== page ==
Who is fooling who?


There are many things we can joke about, ladies and gentlemen, but we must never joke about food. Well, if you must know, issues to do with food have been top of the bill lately, with the Agricultural Development and Marketing Corporation (Admarc) at the heart of it all.

The Admarc General Manager Rhino Chiphiko put it bluntly the other day by saying whoever indicated that this country would have surplus maize within the regions of one million metric tonnes from our previous harvest must have been hallucinating, for what the State grain marketer has established on the ground is that there won’t be enough maize for it to buy, using the money which the parastatal recently identified.

Well, I am sure the system must have the right answers because what I know (and I am sure many people are equally aware) is that, every now and then, the government, through Ministry of Agriculture, carries out an exercise dubbed ‘crop estimates’ which gives a general outlook to the public of how much yield will be realised in a growing season. There are officers who actually go on the ground to do the assessment. Therefore, this one must be resolved internally between the concerned government agencies; otherwise, what Malawians know is that there will be surplus maize this year…where and how you are going to get it, that is none of our business.


I was going to come down hard on the issue of fertiliser subsidy as well but it looks like President Lazarus Chakwera stole all the thunder already when he warned the said ‘cartels’ that have been behind the capture of the fertiliser supply systems to think again as he would not allow anyone to deliberately mess up the gains that have been attained through the Affordable Inputs Programme (AIP). It was even speculated on some social media platforms that the price of fertiliser such as Urea in some districts immediately tumbled as a 50 kilogramme bag, which was fetching around K40,000, is now trading between K27,000 and K35,000.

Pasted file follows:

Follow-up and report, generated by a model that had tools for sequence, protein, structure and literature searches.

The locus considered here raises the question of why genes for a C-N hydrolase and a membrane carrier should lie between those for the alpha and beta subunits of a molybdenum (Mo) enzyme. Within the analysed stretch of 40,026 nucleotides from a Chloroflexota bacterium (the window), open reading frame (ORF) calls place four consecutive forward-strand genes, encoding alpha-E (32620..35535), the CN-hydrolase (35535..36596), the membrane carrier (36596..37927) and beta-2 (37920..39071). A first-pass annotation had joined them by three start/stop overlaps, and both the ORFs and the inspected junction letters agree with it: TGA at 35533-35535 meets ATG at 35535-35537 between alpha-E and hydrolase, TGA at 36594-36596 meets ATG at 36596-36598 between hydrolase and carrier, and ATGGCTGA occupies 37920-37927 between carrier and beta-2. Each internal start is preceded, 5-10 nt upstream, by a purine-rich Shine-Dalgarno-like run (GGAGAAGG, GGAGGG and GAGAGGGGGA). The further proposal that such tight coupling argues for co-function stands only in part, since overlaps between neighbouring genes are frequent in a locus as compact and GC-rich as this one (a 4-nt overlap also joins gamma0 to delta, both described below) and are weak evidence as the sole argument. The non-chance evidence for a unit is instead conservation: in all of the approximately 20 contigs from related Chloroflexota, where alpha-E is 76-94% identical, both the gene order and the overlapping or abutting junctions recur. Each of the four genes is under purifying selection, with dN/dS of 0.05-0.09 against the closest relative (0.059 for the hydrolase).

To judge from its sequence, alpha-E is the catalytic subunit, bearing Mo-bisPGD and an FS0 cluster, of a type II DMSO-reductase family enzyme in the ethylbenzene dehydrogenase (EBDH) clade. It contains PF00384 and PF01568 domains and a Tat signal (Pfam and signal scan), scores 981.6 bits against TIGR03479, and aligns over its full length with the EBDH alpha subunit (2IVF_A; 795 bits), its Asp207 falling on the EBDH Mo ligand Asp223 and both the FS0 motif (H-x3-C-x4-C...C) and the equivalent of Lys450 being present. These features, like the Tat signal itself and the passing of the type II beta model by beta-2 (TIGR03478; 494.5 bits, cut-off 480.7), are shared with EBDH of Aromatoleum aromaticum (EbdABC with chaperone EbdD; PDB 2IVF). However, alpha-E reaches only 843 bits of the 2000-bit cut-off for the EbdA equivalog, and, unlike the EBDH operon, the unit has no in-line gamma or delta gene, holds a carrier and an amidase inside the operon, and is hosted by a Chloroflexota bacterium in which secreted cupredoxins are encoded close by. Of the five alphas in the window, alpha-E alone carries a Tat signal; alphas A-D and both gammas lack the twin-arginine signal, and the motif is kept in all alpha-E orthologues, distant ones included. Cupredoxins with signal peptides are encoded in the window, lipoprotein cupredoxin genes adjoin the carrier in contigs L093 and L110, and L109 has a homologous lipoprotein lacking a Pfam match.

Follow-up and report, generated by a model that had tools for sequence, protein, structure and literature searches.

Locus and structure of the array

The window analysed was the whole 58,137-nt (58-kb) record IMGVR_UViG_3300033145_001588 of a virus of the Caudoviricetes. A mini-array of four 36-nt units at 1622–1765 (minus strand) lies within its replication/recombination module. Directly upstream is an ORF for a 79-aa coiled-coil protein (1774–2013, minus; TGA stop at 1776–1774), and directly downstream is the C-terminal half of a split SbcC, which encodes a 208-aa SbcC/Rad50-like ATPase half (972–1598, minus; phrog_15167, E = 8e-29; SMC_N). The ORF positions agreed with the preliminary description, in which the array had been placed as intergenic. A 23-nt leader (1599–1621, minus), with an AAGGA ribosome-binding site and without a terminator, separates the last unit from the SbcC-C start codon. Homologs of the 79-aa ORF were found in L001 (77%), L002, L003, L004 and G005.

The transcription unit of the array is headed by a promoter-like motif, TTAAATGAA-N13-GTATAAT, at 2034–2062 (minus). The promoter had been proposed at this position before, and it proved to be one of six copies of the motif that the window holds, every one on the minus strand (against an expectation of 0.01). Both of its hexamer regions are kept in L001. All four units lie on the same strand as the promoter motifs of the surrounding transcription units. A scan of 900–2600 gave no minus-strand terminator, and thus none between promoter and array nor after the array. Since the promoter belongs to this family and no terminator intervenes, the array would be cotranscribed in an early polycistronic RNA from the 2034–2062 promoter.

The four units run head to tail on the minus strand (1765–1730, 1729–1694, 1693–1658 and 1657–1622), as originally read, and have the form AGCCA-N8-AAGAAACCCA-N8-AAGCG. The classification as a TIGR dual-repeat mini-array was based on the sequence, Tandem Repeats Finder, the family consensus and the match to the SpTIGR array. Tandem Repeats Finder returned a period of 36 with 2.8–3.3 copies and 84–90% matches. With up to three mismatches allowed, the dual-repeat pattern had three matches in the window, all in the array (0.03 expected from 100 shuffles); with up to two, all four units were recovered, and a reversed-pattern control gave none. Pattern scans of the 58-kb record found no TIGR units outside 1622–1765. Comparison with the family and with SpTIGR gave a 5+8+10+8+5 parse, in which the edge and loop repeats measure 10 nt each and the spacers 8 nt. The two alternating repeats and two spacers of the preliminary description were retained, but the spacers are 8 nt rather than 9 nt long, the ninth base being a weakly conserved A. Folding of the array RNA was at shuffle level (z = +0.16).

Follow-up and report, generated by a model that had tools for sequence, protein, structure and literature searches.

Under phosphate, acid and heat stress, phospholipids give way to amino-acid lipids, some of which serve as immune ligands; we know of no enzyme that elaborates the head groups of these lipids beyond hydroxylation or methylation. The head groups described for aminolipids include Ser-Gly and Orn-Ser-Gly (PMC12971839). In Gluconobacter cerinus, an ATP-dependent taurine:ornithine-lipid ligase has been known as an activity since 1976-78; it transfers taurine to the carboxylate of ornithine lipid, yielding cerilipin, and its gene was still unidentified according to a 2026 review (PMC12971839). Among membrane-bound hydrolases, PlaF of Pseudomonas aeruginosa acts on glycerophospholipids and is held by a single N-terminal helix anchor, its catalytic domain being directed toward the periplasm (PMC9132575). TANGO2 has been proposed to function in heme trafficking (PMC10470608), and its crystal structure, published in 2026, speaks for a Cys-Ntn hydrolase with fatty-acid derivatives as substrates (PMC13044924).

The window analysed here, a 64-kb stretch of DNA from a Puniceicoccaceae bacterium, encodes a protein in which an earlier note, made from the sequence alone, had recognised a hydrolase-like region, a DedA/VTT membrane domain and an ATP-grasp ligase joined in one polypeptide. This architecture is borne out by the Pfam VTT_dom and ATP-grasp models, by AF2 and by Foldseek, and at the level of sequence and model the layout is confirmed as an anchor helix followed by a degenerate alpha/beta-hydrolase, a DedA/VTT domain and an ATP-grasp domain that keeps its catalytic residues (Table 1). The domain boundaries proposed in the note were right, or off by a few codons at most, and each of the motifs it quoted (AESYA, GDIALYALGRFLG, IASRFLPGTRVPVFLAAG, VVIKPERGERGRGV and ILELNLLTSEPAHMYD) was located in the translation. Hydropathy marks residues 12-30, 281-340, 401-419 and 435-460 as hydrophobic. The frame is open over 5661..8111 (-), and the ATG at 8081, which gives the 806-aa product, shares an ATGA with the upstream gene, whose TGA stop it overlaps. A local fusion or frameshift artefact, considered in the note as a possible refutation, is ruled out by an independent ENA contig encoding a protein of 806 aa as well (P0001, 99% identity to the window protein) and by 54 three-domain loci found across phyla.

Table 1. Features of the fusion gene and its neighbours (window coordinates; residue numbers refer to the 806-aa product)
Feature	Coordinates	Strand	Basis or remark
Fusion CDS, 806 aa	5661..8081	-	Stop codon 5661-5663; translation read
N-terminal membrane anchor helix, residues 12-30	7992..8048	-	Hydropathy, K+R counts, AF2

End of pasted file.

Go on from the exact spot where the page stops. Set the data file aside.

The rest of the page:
We cannot and must not toy around with agricultural issues, ladies and gentlemen, because we all know that this forms the backbone of the Malawi economy. Yes there has been talk about exploring other sectors with potential but they say a bird in hand is worth two in the bush, hence we should not take agriculture for granted.

Those who have encouraged the citizenry to put much effort in agriculture recognise just how important the sector is to the country, whether for subsistence or commercial farming. Besides maize, even that which is regarded as Malawi’s green gold, tobacco, relies on fertiliser.


Speaking of gold, it felt great the other day to hear the Reserve Bank of Malawi waxing lyrical about the billions of Kwacha worth of gold they have managed to buy after the government finally opened up and allowed small artisans. As is usually the case, Capital Hill had for a long time been in denial about the existence of gold in some of the districts with potential until somebody woke up and realised that we could be losing out on a very important source of foreign exchange. I hope it is not too late.

I am very sure that, just like it has been revealed of cartels that were deliberately “springing out trouble” on fertiliser prices, there must have been some hotshots in the sector exploiting the mining business who did not want to see the ordinary citizen doing business on an equal footing with them. Stories have been told now and again of some individuals and entities that bought land in areas with gold mining potential (well, I don’t know how true that is but we certainly have heard that they are literally sitting on gold). It is my prayer and hope that the ordinary person has been taken on board this time on this money-spinning train to do with minting gold.

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